By Janet Solyntjes //
“Americans have an inability to relax into sheer pleasure. Ours is an entertainment seeking-nation, but not necessarily a pleasure-seeking one….This is the cause of that great sad American stereotype – the overstressed executive who goes on vacation, but who cannot relax.”
― Elizabeth Gilbert, Eat, Pray, Love
The art of relaxation has indeed been lost in our culture where ever-increasing lists of what to accomplish – due date, yesterday – are keeping us running on high and seeking entertainment out of anxiety or boredom in both subtle and overstated ways (a tragedy not often mentioned in the news). If we are not heading to the retail store or surfing the internet for entertainment, we may be spinning images and stories of pleasure in the domain of our own thoughts. What does MBSR teach us? Pleasant experiences are best found through relaxation and letting go. Simple, yes. Easy, no.
The paradox of pleasure is that one has to fully experience moments of sheer pleasure before stepping out of old “addictive” habits of pleasure seeking. The fleeting experiences we call pleasant are by nature “sheer” – they are pure and unconditioned, completely free of any concept we bring to them. Yet, we often smear and diminish them with concept.
There’s a natural sacredness in the world – in the blue sky, muddy earth, the sound of leaves fluttering, faces of children at play, the feeling of muscles exerting, the change of season. We need not pursue pleasure, it’s present when we’re willing to experience the world directly. It’s as if our eyes have grown scales making it hard to see. When we relax the scales fall away.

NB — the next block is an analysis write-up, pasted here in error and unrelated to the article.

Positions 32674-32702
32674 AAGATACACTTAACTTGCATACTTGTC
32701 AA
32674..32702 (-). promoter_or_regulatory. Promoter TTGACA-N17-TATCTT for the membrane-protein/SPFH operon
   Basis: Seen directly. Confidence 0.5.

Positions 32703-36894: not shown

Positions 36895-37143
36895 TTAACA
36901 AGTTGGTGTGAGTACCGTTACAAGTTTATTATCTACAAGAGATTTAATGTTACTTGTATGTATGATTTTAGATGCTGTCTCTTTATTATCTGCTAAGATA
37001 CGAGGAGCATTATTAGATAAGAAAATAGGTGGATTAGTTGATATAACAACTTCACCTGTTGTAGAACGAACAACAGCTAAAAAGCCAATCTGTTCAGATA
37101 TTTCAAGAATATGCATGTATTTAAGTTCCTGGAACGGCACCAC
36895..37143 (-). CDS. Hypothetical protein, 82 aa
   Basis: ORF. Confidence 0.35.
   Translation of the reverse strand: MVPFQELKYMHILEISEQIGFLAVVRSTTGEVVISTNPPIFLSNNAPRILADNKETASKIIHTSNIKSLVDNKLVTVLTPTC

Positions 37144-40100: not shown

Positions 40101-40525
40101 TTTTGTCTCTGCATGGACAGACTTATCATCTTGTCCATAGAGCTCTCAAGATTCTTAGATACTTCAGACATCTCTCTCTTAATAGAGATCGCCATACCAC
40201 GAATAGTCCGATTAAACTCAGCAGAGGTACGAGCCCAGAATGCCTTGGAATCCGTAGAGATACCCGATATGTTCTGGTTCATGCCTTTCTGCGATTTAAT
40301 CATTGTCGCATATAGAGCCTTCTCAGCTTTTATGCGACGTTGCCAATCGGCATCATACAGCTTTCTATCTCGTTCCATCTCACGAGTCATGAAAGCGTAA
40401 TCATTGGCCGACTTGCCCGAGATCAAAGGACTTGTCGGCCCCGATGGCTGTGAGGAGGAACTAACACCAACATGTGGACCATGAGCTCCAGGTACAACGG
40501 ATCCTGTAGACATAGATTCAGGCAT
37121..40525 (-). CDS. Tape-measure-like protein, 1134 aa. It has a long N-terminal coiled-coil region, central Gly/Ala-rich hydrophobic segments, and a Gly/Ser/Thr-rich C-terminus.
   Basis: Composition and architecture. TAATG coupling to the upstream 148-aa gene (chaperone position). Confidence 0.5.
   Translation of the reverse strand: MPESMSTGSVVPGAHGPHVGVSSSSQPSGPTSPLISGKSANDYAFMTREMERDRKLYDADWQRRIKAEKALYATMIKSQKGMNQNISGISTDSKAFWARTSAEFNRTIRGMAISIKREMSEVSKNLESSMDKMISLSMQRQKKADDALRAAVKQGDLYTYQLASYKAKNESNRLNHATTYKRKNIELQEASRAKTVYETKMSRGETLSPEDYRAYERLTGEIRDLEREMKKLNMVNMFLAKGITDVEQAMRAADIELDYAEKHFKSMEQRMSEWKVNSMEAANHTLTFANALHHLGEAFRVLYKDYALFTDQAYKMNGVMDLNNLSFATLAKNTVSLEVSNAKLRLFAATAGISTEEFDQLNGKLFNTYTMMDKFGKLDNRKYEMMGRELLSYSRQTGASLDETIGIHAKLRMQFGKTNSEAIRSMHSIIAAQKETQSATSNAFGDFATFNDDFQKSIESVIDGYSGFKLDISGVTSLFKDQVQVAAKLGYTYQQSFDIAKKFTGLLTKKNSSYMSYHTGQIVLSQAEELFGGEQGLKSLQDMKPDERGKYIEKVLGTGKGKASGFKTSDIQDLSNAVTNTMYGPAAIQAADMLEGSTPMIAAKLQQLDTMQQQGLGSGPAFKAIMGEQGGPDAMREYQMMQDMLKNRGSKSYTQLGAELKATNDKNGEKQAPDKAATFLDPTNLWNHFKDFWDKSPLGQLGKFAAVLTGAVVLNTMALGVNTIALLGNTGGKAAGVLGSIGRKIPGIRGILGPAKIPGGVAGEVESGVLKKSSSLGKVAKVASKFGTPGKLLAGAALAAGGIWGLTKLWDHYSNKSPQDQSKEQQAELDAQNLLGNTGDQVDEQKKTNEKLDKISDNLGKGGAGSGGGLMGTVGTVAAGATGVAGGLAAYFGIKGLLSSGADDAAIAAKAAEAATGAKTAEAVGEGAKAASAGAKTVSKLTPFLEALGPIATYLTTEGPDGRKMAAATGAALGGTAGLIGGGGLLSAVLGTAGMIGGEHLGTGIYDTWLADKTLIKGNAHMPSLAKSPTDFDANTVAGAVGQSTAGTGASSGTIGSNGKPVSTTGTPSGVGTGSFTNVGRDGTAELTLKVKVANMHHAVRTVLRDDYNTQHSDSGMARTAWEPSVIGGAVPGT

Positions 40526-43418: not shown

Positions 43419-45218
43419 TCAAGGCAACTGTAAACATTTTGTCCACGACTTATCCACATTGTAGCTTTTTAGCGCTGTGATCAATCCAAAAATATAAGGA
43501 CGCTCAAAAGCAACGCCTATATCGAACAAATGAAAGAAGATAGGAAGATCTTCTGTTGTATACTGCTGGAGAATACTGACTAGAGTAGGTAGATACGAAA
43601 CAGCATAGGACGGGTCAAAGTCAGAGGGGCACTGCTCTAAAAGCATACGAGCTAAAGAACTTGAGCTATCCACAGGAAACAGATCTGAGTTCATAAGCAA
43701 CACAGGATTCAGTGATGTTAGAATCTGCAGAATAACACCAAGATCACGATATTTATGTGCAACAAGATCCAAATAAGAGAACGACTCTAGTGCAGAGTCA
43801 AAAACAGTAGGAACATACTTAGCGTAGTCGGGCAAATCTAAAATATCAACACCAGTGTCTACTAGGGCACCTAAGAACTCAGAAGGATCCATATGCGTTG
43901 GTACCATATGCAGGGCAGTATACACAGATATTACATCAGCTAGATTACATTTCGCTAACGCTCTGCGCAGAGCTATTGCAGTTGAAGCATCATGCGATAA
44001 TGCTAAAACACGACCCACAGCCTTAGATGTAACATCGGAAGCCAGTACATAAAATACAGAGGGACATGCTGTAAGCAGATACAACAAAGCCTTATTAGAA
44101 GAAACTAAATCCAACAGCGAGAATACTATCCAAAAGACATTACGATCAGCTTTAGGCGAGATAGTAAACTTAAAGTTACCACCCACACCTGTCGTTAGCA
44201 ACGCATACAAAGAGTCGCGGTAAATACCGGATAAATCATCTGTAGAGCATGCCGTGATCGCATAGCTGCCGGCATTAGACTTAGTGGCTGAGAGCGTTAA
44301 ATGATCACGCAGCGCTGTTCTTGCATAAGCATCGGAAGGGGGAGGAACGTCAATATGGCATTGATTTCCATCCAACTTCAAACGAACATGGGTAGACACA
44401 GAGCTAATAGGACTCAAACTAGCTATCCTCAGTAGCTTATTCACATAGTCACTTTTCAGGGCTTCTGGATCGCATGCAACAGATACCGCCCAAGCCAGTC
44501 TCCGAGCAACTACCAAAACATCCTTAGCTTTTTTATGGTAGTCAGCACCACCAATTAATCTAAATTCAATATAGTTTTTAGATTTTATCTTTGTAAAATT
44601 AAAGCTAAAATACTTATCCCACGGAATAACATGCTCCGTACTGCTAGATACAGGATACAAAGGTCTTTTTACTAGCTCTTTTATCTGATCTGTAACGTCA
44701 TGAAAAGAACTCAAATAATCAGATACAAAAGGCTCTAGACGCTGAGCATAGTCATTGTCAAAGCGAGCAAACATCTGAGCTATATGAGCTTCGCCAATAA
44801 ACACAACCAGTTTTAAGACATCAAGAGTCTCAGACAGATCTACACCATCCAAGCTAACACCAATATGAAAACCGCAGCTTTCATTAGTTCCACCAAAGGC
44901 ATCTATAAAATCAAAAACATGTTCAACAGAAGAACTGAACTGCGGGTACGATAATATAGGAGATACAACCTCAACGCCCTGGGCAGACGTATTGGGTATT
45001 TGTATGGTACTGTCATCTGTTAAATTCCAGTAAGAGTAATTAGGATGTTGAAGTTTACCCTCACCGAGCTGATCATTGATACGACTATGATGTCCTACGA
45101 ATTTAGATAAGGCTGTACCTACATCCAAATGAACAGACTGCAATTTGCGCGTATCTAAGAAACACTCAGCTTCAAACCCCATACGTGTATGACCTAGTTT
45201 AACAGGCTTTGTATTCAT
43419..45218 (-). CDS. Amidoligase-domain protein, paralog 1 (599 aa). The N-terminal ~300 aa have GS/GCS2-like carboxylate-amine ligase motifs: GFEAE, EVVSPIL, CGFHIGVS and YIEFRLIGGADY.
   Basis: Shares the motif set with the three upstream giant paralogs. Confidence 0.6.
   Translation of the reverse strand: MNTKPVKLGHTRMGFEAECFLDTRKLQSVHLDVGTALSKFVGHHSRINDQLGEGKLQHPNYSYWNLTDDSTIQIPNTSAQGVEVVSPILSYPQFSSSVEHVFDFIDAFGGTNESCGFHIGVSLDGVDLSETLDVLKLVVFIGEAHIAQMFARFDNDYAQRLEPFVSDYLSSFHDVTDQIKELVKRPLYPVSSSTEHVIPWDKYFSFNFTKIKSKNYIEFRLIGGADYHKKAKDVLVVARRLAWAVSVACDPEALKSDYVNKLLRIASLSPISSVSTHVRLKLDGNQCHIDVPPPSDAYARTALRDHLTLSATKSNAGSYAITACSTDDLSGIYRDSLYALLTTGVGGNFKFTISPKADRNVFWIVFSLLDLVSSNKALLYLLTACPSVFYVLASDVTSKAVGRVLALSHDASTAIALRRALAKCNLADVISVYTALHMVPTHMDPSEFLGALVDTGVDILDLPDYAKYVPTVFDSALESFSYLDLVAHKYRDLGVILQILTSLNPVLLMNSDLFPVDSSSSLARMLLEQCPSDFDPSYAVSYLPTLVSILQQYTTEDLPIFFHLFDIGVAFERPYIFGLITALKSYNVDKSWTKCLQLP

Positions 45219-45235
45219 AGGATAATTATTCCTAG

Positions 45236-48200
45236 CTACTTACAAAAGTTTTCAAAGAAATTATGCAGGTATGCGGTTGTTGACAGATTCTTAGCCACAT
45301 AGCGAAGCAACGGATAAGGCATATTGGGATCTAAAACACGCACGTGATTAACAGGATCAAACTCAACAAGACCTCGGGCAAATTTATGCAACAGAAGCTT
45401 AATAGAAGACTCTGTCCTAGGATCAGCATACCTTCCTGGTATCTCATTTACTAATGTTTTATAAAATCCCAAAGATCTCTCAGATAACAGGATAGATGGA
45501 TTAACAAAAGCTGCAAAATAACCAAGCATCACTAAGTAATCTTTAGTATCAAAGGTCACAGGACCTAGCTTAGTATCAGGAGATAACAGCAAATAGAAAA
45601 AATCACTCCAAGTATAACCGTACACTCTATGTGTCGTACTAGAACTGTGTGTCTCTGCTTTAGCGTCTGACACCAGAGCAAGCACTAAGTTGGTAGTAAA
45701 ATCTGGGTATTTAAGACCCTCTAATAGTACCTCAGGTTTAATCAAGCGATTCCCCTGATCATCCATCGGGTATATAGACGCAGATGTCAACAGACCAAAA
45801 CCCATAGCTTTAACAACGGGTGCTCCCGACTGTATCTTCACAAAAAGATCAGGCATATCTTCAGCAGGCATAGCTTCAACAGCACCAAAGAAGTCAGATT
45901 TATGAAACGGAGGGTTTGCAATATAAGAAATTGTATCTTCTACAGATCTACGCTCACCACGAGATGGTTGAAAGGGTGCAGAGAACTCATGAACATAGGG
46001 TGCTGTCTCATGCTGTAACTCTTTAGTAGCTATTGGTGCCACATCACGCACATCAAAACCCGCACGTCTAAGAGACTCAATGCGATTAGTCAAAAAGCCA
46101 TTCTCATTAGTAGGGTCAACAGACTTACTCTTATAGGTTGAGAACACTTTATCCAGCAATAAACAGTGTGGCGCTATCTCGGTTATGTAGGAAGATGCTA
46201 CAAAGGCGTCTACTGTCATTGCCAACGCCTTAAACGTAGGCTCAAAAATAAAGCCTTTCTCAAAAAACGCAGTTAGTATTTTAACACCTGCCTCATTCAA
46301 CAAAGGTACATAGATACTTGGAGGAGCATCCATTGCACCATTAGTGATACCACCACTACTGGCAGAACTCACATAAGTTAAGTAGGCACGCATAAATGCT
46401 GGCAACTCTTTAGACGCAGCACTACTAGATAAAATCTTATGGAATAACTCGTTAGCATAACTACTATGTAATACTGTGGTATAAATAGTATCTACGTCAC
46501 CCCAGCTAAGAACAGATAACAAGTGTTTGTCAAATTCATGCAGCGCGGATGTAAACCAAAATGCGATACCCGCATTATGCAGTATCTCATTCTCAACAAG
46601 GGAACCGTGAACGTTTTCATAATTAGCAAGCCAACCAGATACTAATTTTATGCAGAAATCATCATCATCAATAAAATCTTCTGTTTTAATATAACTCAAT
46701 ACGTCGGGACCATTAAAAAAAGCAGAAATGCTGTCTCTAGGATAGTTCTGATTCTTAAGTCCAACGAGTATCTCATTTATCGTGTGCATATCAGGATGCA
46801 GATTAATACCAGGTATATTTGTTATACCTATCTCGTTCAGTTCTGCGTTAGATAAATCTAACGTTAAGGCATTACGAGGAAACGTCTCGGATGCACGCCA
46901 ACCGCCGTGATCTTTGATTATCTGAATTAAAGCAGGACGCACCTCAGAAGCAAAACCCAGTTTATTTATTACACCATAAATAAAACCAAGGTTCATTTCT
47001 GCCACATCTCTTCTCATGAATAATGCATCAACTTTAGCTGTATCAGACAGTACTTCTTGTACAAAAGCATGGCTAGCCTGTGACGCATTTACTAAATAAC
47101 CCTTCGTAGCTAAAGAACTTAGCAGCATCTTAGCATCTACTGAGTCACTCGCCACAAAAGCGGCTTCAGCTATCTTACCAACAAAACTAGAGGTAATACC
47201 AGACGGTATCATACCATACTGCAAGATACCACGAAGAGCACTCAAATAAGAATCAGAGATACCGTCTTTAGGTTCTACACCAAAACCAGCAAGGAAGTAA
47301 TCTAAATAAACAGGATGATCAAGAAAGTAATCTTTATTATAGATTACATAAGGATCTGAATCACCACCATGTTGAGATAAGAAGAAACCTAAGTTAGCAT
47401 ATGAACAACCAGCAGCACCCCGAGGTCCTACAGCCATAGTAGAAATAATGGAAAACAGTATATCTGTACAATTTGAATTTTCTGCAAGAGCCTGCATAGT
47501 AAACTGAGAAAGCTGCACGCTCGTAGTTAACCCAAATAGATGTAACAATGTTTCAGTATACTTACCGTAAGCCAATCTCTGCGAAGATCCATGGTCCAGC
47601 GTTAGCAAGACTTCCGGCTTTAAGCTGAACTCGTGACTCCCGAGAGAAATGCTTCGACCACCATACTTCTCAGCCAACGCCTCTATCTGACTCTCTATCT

The importance of formal mindfulness practice is that it opens our mind and brings awareness to both striving and letting go. Recognition and acceptance of “the seeking mind” becomes a stepping stone toward greater appreciation of life. Isn’t this what we are secretly hoping all of those pleasures will bring us?
About the Author
Janet Solyntjes, M.A. is a senior teacher (Shastri) in the Shambhala-Buddhist tradition and has offered mindfulness courses at Naropa University, Omega Institute, Hollyhock, Shambhala Mountain Center, and in corporate and non-profit workplaces. A practitioner of mind-body disciplines since 1977, she is a Certified MBSR Teacher and faculty member of The Center for Mindfulness at the University of Massachusetts. Janet leads MBSR courses in Colorado and offers mindfulness seminars and retreats in the U.S. and internationally. She is the co-founder of Boulder-based The Center for Courageous Living and is a teaching faculty member of the Engaged Mindfulness Institute.